Georgia Tech’s past two trips to Chapel Hill, N.C., have not been successful, losses in 2014 and 2016. In fact, the Tar Heels have won three of the past four meetings with the Yellow Jackets.
However, Tech will face a Tar Heels outfit that is 1-6 after finishing last season 3-9.
Five things to know about Saturday’s game.
Quarterback playing time
How Georgia Tech coach Paul Johnson distributes playing time between quarterbacks TaQuon Marshall and Tobias Oliver will bear watching after Oliver’s standout performance against Virginia Tech (215 rushing yards, three touchdowns) last week in Marshall’s stead.
With Marshall back healthy, it’s expected that the senior captain will start. However, where Oliver has played either when Marshall has been hurt or if the game has gotten out of reach, it wouldn’t be a surprise if Oliver was sent into the game as a change of pace.
“I want TaQuon to go out and do his thing just like he has been, but, yeah, definitely, I feel really good about getting in a game,” Oliver said.
It also wouldn’t be a surprise if Marshall runs with more explosiveness. His last game was against Duke on Oct. 13, giving him ample time to heal up from dings collected over the season and what appeared to be a shoulder injury that knocked him out of that game.
Hold onto the ball
Sometimes, the objectives can be pretty simple.
“When we don’t turn the ball over and we don’t have penalties, we’re usually pretty successful,” Johnson said Tuesday.
This season, the Jackets are 3-0 when they haven’t committed any turnovers and 1-4 when they have.
“This is my 11th season,” Johnson said. “If you went back and looked – and I don’t know the answer to this – but I bet if you go back and look, we probably haven’t lost too many when we didn’t turn the ball over.”
Since Johnson’s hire, Tech is 19-4 when it makes it through a game without a giveaway, according to sports-reference.com. The record falls to 27-17 with one turnover, 24-20 with two turnovers and 10-17 with three or more.
On the flipside, the Jackets are 8-22 when they don’t force a turnover, 19-18 when gaining one turnover, 22-12 with two and 31-6 with three or more.
Giving Heels their due
Johnson has made clear that, despite their 1-6 record, he’s wary of the Tar Heels. North Carolina is 1-3 in games decided by one possession and also had 13 players suspended – nine of them for four games – for NCAA rules violations involving the sale of their team-issue shoes.
“If they ever put it all together, they’re going to beat the bejesus out of somebody,” Johnson said. “I just hope it’s not Saturday.”
Quarterback Nathan Elliott has completed 61 percent of his passes and has thrown 212 consecutive passes without an interception. The Tar Heels undoubtedly will probe Tech’s secondary, which has been vulnerable to the pass and last week was complicit in Virginia Tech quarterback Ryan Willis completing 15 of 22 passes for 201 yards. On the other side, the Jackets also will need to be wary of defensive end Malik Carney, who has 29 tackles (7.5 for loss) in only four games.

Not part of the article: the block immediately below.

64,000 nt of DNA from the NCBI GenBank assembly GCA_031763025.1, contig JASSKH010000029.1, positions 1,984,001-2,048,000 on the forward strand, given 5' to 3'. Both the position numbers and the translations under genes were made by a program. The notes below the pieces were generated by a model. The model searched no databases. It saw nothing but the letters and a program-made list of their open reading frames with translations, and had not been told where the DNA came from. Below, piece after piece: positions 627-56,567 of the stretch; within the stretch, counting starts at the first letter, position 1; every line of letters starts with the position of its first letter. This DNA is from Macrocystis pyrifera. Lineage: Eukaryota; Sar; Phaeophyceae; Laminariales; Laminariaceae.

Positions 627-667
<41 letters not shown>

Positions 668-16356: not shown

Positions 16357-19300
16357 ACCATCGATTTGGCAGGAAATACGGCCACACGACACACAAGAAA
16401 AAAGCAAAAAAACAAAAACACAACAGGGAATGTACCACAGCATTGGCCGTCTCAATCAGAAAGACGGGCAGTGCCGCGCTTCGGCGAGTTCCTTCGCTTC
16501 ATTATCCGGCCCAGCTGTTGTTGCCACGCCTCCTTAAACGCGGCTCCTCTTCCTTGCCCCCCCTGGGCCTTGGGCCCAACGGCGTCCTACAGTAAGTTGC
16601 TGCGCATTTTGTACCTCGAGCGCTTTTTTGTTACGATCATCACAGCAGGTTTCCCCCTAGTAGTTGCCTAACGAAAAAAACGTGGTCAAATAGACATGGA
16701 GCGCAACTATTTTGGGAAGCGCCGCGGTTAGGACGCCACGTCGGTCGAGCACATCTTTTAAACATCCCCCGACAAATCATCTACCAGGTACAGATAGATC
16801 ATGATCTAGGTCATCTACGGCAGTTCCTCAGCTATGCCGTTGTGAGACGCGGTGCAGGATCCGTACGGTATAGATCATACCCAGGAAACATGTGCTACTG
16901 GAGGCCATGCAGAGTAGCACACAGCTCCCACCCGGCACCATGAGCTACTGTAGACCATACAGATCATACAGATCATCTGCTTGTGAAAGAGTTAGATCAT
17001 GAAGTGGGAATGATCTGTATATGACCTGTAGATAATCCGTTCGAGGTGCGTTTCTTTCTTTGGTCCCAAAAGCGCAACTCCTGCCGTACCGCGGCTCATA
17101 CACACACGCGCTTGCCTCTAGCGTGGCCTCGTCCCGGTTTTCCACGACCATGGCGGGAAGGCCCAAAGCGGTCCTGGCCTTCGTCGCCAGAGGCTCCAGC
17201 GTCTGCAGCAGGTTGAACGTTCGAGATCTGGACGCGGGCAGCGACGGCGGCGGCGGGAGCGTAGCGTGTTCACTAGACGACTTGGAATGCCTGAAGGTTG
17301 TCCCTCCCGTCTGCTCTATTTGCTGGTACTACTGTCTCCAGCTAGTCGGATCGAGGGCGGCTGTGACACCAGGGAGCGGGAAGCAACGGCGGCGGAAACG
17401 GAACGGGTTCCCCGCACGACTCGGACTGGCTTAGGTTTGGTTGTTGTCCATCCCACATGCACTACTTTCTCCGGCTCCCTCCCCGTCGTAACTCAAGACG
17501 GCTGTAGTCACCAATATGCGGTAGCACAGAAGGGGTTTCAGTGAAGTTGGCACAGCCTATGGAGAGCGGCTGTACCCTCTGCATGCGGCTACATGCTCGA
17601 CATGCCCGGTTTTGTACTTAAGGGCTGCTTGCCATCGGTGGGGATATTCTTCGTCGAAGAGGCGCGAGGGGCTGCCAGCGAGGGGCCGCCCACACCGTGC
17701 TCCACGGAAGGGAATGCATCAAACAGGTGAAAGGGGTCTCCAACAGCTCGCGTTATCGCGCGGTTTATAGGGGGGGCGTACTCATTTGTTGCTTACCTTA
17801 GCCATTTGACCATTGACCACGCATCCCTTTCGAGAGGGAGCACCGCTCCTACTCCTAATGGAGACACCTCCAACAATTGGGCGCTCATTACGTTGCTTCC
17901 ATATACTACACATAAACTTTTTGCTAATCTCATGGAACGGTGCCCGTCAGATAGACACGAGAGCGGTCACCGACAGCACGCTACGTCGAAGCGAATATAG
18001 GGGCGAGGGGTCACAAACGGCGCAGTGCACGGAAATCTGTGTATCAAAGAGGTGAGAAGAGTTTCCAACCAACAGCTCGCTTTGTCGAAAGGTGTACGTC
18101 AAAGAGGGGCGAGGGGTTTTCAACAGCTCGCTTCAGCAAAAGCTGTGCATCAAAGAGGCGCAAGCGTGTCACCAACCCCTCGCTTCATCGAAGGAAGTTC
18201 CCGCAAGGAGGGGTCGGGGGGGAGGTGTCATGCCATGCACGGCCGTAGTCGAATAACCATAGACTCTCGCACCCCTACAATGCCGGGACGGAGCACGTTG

Better defense early
In the past two games, opponents have started quickly against the Jackets defense. Duke opened the game with a four-play, 52-yard touchdown drive, and Virginia Tech started its game by going 73 yards in only five plays for a 7-0 lead, then put together touchdown drives on its next two possessions.
In the first three possessions against the Hokies, the Jackets tackled poorly and didn’t cover well, leading to a succession of big plays, before recovering. Before playing Duke, Tech had allowed only one opponent to score on its drive in its first six games. Duke and Virginia Tech also had the advantage of having an extra week to prepare for the Jackets (although Georgia Tech also had an open date to prepare for the Hokies).
Given the difference in the tempos that the teams play at (Tech slow, UNC fast), getting an early lead would be helpful for the Jackets to gain control of the game.
What’s at stake
Tech can improve to 5-4 with a win over the Tar Heels, which would be its first time above .500 since winning the season opener over Alcorn State. It also would move the Jackets to within one game of bowl eligibility, which has become the team’s primary objective. Tech has missed the postseason two of the past three seasons. A win would then require to pick up one more win against the closing gauntlet of Miami, Virginia and Georgia to earn a bowl invite.
A win would also keep alive the Jackets’ slim chances of winning the Coastal Division. Tech’s optimal route is to beat North Carolina, Miami and Virginia to finish at 5-3 in league play and then get help from the rest of the division.
Pittsburgh and Virginia, both with one loss in league play, meet Friday. It’s debatable which result would help more. The two results that would most help Tech this weekend (besides a win over UNC) would be a Boston College win over Virginia Tech and a Duke loss to Miami.
Support real journalism. Support local journalism. Subscribe to The Atlanta Journal-Constitution today. See offers.
Your subscription to the Atlanta Journal-Constitution funds in-depth reporting and investigations that keep you informed. Thank you for supporting real journalism.